Snyder’s voice for the Riddler feels very similar to the voice established by writer Paul Dini and voice actor Wally Wingert for the Arkham video games, which I’d argue is terrific. That’s likely the clearest, most interesting characterization of the Riddler since Frank Gorshin, and if the comics can take lessons from it then I’m all for it.
And, once again, Greg Capullo’s mastery of smooth characters and environments rendered with a thick, gritty surreal outer shell is of continuous amazement to me. For the type of story being told, the emotional beats just wouldn’t hit home nearly as much without Capullo’s clearly rendered and emotional artwork, that helps to give the entire story a massive sense of scale.
Overall, Batman #29 is a great comic book. Its page count is higher making the price tag $1 more expensive, but if you’re invested in “Zero Year” thus far, it might be worth putting another book back on the shelf and diving into Batman this week instead. 8.5/10
Honorable Mentions from DC This Week: Justice League of America #13, Superman/Wonder Woman #6
From Marvel: Hawkeye #17 by Matt Fraction (Script), Chris Eliopoulos, and David Aja (Art)
On its face, Hawkeye #17 is pretty unusual, because it looks like it’s attempting to be a Holiday Special of some kind.
Released in March.
Whether it’s way too late (or way too early) is kind of immaterial though, because this issue was an absolute blast. Only the first and last pages are handled by regular series artist David Aja, while the majority of the art chores are handled by cartoonist Chris Eliopoulos. While Eliopoulos normally serves as the series’ letterer, his artistic style is perfectly appropriate for this issue since it depicts, well, a goofy holiday cartoon that Clint watches on TV with a couple of kids. The zaniness and reflective nature of the cartoon also talks, in a slightly backhanded way, about the dynamic Hawkeye has as a member of the Avengers, which makes it all the more fun to read.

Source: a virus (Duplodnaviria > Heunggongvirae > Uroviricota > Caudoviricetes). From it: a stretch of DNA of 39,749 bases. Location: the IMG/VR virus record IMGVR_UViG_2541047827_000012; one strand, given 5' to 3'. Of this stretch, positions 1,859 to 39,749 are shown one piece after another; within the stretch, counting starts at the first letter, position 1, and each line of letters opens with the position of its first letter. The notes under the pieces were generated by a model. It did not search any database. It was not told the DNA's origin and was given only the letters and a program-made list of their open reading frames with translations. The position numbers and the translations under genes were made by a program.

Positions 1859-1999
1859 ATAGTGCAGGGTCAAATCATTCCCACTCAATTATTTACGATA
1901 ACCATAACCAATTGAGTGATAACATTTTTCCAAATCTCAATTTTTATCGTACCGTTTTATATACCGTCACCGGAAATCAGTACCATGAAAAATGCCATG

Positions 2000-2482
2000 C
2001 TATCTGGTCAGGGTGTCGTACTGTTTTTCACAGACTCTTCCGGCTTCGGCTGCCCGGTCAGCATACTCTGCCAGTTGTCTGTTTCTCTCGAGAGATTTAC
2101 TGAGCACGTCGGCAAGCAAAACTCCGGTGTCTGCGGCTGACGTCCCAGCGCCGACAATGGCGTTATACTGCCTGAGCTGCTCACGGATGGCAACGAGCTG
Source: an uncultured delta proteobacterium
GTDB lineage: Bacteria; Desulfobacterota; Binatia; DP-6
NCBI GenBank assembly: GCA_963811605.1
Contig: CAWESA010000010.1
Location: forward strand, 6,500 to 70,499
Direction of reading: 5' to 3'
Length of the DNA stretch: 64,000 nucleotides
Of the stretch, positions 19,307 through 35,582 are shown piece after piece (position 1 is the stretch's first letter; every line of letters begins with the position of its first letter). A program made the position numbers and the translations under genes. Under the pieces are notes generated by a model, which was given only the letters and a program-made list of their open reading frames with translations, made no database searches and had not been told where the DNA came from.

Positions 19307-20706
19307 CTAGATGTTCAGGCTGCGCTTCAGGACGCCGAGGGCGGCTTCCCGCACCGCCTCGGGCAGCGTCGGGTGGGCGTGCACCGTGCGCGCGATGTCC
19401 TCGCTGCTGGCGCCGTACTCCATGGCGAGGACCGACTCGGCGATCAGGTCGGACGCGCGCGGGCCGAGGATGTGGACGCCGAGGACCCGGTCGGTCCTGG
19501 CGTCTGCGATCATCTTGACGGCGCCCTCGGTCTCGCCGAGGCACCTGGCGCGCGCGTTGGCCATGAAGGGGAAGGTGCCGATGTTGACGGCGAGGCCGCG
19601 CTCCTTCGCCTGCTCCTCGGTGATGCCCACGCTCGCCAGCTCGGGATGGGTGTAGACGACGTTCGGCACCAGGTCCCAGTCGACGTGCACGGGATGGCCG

See, the cartoon is called “Winter Friends,” and depicts a group of superpowered animals representing various holidays celebrated during the end of the year. Christmas, Hanukkah, and Kwanzaa are all represented, but I don’t really want to spoil exactly how since that’s part of the actual fun of reading the issue. When a winter day becomes as hot as summer, the Winter Friends are captured by a dastardly villain, leaving their rescue to the “dog they always let hang out with them,” a regular retriever named Steve. Steve feels like he doesn’t need any friends to accomplish the things he needs to do, and everyone he meets over the course of the cartoon continuously remind him that he’s not a “real” Winter Friend because he’s normal (Get it? Clint’s not a real Avenger because he has no powers).